Identification of indicator species at abandoned red mud dumps in comparison to residential and forest sites, accredited to soil properties.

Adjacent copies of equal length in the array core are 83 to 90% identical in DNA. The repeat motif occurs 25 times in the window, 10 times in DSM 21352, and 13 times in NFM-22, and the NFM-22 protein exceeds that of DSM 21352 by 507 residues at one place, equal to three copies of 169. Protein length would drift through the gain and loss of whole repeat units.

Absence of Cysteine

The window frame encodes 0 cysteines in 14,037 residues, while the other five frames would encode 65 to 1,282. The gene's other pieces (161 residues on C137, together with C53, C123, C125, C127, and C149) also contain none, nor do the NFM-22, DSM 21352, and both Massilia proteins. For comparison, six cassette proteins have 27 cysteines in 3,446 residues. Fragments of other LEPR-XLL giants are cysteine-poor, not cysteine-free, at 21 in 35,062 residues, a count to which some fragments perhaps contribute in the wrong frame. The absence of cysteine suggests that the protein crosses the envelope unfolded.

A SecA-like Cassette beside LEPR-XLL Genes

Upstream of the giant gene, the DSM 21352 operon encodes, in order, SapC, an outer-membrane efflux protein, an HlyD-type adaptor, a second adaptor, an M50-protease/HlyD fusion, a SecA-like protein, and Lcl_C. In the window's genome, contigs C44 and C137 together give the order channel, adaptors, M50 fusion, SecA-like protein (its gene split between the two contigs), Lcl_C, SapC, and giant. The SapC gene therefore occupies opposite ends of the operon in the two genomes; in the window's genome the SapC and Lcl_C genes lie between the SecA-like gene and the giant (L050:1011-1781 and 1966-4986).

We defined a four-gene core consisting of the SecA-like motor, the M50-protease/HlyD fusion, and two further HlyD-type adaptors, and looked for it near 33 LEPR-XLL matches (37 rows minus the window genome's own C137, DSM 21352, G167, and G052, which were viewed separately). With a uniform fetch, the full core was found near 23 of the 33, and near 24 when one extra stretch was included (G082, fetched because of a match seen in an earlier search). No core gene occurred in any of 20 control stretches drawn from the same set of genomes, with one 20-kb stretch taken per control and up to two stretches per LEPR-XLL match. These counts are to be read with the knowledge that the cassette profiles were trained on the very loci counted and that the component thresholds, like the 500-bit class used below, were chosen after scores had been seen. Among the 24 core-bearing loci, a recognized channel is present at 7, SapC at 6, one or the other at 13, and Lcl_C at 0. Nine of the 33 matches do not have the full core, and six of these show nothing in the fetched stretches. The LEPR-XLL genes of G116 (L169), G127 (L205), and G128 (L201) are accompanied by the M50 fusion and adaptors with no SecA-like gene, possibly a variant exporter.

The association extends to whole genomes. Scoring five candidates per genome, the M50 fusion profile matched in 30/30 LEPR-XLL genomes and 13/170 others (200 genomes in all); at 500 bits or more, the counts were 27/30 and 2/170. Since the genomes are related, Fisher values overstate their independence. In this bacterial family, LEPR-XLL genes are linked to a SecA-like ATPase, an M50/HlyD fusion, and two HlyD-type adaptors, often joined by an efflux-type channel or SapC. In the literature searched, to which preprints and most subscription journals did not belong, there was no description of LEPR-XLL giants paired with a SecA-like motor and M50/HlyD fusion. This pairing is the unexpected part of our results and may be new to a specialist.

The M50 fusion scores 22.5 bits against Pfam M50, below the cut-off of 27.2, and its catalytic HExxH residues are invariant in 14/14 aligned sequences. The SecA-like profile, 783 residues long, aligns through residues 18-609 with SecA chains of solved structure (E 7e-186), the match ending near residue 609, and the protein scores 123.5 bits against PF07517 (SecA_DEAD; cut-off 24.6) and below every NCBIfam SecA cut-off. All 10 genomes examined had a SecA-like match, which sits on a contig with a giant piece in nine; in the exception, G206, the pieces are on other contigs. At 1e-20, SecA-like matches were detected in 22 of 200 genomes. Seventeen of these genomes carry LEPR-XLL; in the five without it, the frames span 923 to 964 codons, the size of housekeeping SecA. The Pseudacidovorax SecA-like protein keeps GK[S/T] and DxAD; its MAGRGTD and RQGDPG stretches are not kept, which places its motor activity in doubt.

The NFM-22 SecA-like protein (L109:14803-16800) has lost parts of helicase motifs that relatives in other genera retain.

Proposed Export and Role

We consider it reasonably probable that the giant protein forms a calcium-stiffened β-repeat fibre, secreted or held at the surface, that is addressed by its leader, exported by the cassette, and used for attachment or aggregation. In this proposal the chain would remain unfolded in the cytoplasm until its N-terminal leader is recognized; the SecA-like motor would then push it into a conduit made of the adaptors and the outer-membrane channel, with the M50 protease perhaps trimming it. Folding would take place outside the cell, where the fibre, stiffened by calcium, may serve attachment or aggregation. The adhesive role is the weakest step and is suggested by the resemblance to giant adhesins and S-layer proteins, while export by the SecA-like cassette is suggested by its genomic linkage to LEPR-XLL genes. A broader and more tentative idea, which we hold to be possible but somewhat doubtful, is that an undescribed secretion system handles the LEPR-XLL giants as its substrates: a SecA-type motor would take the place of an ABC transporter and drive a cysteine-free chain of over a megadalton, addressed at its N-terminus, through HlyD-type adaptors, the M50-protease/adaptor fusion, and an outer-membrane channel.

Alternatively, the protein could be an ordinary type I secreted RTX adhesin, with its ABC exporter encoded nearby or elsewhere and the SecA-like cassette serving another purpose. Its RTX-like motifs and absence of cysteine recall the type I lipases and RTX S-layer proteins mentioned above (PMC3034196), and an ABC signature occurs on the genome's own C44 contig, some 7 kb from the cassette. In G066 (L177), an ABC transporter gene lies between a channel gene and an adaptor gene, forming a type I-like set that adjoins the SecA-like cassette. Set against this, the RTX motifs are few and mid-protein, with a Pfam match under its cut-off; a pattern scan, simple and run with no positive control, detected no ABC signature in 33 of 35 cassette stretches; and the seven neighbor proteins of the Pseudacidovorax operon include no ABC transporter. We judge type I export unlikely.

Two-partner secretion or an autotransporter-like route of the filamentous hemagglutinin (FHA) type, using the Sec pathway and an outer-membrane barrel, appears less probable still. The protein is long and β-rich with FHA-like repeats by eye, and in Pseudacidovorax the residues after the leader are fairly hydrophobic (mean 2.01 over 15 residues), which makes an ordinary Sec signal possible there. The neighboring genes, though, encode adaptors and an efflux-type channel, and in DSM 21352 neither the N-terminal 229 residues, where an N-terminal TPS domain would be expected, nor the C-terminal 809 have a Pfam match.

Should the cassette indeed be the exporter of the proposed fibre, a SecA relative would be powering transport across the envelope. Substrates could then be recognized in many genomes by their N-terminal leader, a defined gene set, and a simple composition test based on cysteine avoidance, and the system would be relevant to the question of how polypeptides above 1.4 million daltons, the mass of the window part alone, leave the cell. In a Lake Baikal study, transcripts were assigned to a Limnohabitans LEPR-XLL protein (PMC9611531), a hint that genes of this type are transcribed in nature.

Plant community structure studies on derelict sites are providing significant insights into vegetation dynamics to ensure the success of future revegetation projects in such areas. Therefore, the present study was conducted to evaluate the changes in soil physico-chemical and biological properties at abandoned red mud dumps (RMD) compared to residential (RS) and forest (FS) sites, coupled with their consequent impacts on the plant community structure. An attempt was also made to identify the indicator species that thrive only under unfavourable red mud conditions. Soil at RMD showed relatively high bulk density, alkalinity, salinity and exchangeable sodium percentage along with poor nutrient status and low microbial activity. Though toxic metals (Cd, Cr and Pb) were higher at RMD, their phytoavailabilities were lower compared to FS site. Number of herb-, shrub- and woody species at RMD were although low, but a significant number of species were acclimatized to the unfavourable soil conditions. Shrub species were maximally affected at RMD, followed by woody- and herbaceous species. Important value index of sensitive species was low while that of tolerant species was higher, and was accredited to altered soil properties. Presence of invasive species such as Acacia nilotica, Caesalpinia bonduc, Stylosanthes scabra and Urena lobata at only RMD may be used as an indication for high toxic metal contamination along with high alkalinity, salinity and poor nutrient contents. Principal component and canonical correspondence analyses revealed that woody and herbaceous species were mainly affected by soil alkalinity, salinity, exchangeable cations, bulk density, porosity, moisture content and phytoavailable metals. Shrub species were primarily influenced by soil organic carbon, nitrogen, available phosphorus, bulk density, porosity, moisture content, soil biological parameters, total (Fe, Mg, Cd, Cr and Pb) and phytoavailable metals. Domination of herbaceous species in the plant community indicated their tendency towards a definite selection strategy in response to altered soil properties. The identified tolerant herbaceous species may be suitable candidates for future red mud reclamation strategies.